Whether you’re walking to work, carrying groceries up the stairs, or picking up your toddler, being able to stay stable pays off. With targeted bodyweight balance training, you can train this often-overlooked component of fitness to improve your ability to confidently navigate tons of scenarios, both in daily life and in the gym.
First, though, let’s get clear on what balance is: You can think of it as the “ability to control your body in an upright position, whether stationary or in motion,” according to research in the American College of Sports Medicine. Health and Fitness Magazine.
Having good balance is all about being stable, coordinated, and aware of your body in space, says personal trainer Sivan Fagan, CPT, owner of Strong with Sivan. And it can improve your ability to stay upright and reduce the risk of injury in virtually any situation.
Balance is something that’s actually a struggle for many people, says Fagan, simply because they don’t often incorporate one-sided exercises: moves like lunges, single-leg deadlifts, and skaters, where only one leg does most of the lifting. work at a time—in your routine. Compared to bilateral movements like squats and deadlifts, unilateral exercises are great options for balance training because they inherently present more of a challenge to stay stable. After all, it’s a lot harder to stay upright when you only have one foot on the ground than two.
In addition, the unilateral movements translate directly into many everyday tasks that require balance, such as walking and climbing stairs, meaning they are truly functional. For much of life, “we need to be able to stabilize our body with one less point of contact with the ground,” says Fagan, and doing regular one-sided work can help you master this skill.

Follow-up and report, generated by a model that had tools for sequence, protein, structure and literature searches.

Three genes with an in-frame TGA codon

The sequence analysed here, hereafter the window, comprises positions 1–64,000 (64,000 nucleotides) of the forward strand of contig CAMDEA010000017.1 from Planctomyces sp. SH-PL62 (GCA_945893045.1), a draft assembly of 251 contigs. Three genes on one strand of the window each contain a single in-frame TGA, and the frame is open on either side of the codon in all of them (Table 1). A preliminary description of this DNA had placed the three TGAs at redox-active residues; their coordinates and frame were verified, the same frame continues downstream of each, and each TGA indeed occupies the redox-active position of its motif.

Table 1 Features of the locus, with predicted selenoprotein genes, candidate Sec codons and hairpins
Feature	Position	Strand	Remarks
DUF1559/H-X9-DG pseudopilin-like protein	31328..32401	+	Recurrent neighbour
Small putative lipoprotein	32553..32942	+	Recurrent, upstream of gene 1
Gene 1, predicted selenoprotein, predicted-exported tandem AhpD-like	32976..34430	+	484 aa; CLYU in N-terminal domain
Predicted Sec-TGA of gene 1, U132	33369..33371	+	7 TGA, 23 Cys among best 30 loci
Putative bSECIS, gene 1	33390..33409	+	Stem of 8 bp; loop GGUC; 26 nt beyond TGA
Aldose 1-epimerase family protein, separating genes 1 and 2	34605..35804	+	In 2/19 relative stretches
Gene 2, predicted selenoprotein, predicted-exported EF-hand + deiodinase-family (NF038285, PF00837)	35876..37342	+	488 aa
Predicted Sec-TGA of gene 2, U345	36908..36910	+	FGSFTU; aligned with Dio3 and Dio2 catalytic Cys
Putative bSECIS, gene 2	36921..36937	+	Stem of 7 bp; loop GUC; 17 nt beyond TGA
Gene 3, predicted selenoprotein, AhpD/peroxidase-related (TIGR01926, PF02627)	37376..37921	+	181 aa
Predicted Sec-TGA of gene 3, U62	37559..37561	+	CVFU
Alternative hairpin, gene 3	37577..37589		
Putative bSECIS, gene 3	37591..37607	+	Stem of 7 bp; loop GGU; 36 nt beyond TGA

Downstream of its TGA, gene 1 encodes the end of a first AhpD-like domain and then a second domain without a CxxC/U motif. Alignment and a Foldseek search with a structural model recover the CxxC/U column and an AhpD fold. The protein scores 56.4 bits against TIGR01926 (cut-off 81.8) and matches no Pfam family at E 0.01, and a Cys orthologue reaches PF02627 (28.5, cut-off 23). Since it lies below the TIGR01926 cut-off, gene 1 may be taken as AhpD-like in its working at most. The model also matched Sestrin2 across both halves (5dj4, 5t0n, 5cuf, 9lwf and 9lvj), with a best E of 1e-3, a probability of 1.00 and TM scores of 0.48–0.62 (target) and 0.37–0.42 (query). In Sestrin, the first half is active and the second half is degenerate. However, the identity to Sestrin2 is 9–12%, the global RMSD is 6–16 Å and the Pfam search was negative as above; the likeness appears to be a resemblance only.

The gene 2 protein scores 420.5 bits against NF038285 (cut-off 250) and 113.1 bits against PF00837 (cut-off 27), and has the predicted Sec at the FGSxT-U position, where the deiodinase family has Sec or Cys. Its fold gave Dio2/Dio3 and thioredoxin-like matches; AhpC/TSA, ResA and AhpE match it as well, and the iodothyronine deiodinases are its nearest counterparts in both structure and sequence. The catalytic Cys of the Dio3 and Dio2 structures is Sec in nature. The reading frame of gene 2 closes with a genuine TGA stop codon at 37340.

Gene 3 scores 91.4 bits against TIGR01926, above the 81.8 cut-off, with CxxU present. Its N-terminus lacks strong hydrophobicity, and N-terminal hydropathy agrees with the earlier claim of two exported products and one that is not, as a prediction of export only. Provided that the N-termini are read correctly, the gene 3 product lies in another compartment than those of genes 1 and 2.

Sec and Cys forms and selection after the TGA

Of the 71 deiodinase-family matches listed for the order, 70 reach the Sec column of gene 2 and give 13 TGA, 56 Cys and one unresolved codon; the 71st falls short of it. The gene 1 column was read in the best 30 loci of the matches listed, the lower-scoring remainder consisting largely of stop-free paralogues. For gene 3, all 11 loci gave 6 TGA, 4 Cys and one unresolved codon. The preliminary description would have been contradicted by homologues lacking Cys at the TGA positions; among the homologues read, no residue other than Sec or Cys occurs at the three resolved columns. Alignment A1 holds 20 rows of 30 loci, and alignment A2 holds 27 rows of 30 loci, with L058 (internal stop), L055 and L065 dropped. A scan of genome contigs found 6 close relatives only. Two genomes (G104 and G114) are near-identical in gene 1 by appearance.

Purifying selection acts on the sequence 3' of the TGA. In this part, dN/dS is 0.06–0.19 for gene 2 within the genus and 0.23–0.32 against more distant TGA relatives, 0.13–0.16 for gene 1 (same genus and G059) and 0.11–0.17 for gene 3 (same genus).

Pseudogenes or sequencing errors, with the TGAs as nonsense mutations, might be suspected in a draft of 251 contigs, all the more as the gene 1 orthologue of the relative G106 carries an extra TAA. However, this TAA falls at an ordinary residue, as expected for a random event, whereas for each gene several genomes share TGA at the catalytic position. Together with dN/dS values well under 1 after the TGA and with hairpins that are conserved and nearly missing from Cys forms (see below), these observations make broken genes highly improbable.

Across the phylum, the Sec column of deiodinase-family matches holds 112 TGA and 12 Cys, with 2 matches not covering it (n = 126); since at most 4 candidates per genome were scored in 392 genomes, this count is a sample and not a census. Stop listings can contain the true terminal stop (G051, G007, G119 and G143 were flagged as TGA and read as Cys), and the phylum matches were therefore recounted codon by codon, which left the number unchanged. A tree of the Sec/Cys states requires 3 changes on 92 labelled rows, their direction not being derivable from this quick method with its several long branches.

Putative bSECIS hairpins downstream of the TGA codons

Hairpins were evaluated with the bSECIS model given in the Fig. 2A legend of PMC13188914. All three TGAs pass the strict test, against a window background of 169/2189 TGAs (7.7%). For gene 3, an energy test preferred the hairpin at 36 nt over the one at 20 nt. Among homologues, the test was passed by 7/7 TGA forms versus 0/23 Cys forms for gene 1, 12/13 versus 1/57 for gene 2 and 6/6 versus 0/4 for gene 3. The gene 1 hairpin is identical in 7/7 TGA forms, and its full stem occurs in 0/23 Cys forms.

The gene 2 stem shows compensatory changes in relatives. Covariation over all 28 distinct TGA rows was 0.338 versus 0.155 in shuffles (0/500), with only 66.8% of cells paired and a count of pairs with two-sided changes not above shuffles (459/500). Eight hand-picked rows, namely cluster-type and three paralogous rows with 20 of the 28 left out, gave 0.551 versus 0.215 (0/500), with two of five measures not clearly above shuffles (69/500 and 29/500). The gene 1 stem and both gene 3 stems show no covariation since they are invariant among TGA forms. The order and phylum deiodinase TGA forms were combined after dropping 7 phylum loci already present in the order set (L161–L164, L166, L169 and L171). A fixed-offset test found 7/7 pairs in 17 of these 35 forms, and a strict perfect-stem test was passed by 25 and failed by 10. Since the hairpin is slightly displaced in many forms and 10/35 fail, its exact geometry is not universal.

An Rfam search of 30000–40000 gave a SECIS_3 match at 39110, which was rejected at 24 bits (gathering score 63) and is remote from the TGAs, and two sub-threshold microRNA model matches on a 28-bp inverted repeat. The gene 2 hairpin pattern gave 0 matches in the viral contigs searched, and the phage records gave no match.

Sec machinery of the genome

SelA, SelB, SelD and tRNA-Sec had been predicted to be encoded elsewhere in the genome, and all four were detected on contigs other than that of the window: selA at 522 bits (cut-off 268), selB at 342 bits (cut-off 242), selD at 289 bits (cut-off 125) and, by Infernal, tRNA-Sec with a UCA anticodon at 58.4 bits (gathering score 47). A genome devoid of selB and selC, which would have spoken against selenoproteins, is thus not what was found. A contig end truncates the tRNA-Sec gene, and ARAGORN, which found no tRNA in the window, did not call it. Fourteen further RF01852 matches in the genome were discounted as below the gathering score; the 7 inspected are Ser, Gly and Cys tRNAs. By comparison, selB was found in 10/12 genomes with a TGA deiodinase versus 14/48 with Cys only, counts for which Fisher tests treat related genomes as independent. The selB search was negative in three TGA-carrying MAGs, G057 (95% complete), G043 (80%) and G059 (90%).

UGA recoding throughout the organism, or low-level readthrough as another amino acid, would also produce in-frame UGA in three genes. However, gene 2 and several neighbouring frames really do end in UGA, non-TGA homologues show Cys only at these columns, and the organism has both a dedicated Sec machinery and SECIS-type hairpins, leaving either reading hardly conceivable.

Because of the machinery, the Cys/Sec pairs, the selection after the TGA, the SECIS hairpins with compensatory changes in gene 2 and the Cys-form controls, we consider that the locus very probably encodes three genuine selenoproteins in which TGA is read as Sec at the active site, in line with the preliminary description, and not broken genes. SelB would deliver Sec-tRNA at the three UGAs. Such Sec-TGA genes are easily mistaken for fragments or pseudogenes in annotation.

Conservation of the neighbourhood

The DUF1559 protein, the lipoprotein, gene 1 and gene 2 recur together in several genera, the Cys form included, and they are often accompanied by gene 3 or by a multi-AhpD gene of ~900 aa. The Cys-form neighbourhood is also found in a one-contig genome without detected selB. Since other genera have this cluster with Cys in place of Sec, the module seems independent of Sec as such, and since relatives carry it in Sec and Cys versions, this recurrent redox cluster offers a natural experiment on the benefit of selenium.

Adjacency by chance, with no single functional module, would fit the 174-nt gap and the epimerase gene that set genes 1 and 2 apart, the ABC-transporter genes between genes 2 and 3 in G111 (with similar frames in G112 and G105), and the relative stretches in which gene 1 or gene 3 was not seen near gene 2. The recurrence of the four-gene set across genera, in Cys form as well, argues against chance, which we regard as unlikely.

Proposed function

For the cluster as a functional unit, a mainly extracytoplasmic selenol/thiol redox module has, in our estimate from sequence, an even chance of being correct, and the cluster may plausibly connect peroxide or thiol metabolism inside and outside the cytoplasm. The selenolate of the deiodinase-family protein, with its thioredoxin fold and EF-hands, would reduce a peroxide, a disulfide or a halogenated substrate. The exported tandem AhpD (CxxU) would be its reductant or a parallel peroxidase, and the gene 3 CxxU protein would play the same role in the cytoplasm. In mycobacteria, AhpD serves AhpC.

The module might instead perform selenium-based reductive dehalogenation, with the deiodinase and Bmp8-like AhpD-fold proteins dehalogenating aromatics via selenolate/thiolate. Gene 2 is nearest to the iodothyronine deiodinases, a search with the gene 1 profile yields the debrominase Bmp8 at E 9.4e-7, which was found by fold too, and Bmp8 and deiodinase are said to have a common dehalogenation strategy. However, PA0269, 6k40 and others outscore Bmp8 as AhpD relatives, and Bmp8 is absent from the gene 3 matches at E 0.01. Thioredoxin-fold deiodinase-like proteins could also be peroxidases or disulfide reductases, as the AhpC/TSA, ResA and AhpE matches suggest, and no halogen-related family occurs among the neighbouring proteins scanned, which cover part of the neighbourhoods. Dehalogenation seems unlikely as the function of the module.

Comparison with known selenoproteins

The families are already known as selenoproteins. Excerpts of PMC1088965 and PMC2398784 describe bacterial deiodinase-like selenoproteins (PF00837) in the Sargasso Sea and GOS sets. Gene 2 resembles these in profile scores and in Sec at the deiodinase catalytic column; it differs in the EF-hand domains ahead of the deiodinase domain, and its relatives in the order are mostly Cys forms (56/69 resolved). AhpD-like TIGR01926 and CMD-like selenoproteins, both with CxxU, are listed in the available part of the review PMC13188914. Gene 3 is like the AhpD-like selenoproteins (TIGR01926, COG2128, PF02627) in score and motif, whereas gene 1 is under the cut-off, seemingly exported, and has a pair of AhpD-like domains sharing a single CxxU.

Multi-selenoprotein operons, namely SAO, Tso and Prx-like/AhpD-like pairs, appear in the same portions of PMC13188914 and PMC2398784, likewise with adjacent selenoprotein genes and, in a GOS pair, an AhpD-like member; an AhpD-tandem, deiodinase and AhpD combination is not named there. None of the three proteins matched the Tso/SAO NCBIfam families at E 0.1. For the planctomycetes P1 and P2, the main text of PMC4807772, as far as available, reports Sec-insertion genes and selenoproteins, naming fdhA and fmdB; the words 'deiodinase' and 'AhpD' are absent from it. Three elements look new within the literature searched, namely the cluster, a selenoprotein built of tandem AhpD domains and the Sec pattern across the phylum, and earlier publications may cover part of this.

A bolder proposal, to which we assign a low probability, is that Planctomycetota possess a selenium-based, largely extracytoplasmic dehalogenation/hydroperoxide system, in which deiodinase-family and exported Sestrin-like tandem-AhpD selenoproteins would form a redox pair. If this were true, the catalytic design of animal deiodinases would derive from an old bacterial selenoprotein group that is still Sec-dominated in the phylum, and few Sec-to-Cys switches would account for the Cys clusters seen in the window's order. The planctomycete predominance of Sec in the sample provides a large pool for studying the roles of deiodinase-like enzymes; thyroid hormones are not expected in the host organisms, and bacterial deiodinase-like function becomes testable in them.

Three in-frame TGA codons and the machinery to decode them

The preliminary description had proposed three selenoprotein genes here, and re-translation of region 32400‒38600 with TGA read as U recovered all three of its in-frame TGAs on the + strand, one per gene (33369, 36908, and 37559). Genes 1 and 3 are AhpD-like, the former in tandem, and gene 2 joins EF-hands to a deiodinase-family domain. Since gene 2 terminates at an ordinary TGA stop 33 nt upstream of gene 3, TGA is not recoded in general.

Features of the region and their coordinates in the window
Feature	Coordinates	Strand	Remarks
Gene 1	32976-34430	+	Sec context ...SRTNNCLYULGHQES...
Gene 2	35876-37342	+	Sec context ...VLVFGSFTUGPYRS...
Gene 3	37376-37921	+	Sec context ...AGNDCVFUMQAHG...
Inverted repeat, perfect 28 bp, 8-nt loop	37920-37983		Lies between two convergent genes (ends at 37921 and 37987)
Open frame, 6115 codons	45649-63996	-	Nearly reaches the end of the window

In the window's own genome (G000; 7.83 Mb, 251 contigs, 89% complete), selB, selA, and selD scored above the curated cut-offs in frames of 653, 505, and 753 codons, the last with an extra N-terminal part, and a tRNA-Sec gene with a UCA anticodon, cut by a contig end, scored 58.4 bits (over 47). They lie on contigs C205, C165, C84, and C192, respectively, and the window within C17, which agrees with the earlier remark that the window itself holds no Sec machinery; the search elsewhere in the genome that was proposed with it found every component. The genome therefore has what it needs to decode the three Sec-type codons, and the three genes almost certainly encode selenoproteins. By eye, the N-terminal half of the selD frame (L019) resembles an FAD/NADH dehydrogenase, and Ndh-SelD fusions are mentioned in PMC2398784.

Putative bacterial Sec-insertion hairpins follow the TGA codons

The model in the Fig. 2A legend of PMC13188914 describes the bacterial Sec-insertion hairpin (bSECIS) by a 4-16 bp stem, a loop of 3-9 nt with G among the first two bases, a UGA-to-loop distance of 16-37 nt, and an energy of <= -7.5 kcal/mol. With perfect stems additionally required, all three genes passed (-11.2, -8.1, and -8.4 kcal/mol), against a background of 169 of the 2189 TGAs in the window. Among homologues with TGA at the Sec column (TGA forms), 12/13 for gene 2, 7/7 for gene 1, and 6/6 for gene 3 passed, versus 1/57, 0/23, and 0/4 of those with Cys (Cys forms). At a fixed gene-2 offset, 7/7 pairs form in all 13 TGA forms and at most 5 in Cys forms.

Another reason unilateral exercises are good for balance training is because they inherently work on core stability. This is actually a crucial part of balance, as your core muscles play an important role in keeping you stable and helping you avoid tipping to the side or bending over. As Fagan says: “We want a strong core so that we can be stable in everyday life.”
The following routine, which Fagan created for SELF, relies on one-sided moves like a front-to-back lunge, skater jump, star toe tap, and warrior balance to help challenge and ultimately instance, improve your balance. And because core stability is an integral part of balance, the workout also includes planks, a one-arm plank variation that will seriously engage your core stabilizer muscles.
You can do this bodyweight balance workout two to three times a week, Fagan says. Before you begin, take a few minutes to warm up first so your body is properly prepared. Fagan recommends doing dynamic exercises like striders (the first move in this sequence), inner thigh mobility exercises, and 90/90 stretches. Then you are ready to go!
What do you need: Just your body weight! You may also want a yoga mat for comfort.
- Warrior’s Balance
- front to back lunge
- skater jump
- plank touch
- star point touch
- Perform each movement for the repetitions listed below, resting as needed between exercises so that you can complete the next exercise with good form.
- Once you’ve completed all five exercises, rest as needed, then repeat the circuit for two to three rounds total.
Demonstrating the moves below are Cookie Janee (GIF 1), a background investigator and law enforcement specialist in the Air Force Reserve; Teresa Hui (GIF 2), a native New Yorker who has run more than 150 road races, including 16 full marathons; Nikki Pebbles (GIF 3 & 4), special populations personal trainer in New York City; and Keri Harvey (GIF 5), a NASM-certified personal trainer based in Brooklyn who currently trains at Form Fitness Brooklyn.